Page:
What would you say over this past year has been one of your favorite “Motherhood Moments” with your children?

My older two girls (12 and 15)  got scared one night and crawled into bed with me. That hasn’t happened in a long time and I really loved it. Knowing that they still thought of me when they wanted to be comforted was reassuring as a parent. Even though raising teenagers is hard, there are these moments where you feel that you’re on the right track with them and they love you. My oldest daughter put notes all around my room one evening when I was feeling pretty cranky. They said things like, “You’re a great artist!” and “I love you!” Those are still on my mirror to remind me how blessed I am to have her.

What is your favorite place to go to dinner in Utah?

If I’m in a romantic mood, the best place to go is Cafe Martine, downtown Salt Lake City. The portions are artistically small, but the ambiance is amazing. I always feel like I’m in New York City when I’m there. In Provo, the best Italian place is La Dolce Vita…amazing. E molto buona!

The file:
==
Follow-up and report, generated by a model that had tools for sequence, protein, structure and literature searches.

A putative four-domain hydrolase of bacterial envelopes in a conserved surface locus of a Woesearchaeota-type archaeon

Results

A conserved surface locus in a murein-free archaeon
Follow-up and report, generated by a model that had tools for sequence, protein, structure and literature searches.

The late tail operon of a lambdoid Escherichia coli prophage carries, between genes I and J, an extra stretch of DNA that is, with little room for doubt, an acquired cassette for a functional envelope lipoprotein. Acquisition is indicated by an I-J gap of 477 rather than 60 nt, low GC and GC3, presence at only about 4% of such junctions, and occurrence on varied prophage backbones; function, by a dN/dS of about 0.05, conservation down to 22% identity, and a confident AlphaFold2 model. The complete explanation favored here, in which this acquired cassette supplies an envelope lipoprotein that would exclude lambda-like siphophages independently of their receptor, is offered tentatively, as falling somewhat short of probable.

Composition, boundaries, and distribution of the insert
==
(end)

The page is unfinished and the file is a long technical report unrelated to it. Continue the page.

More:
Where is your favorite place to travel?

Before I had my babies, Carl and I traveled to Bali. It. Was. Spectacular. I would live there if I could. In fact, I look into it about once a year, so maybe it’s on the horizon for me.

What is your favorite “guilty pleasure”?

My favorite thing in the world is climbing under my down comforter with a book and reading until I can’t keep my eyes open. Pure luxury.

I think I am really enjoying this new way of featuring my different Mavens and thrilled that Pamela was my first feature this way. She has been on my list for a long long time. Thank you Pamela!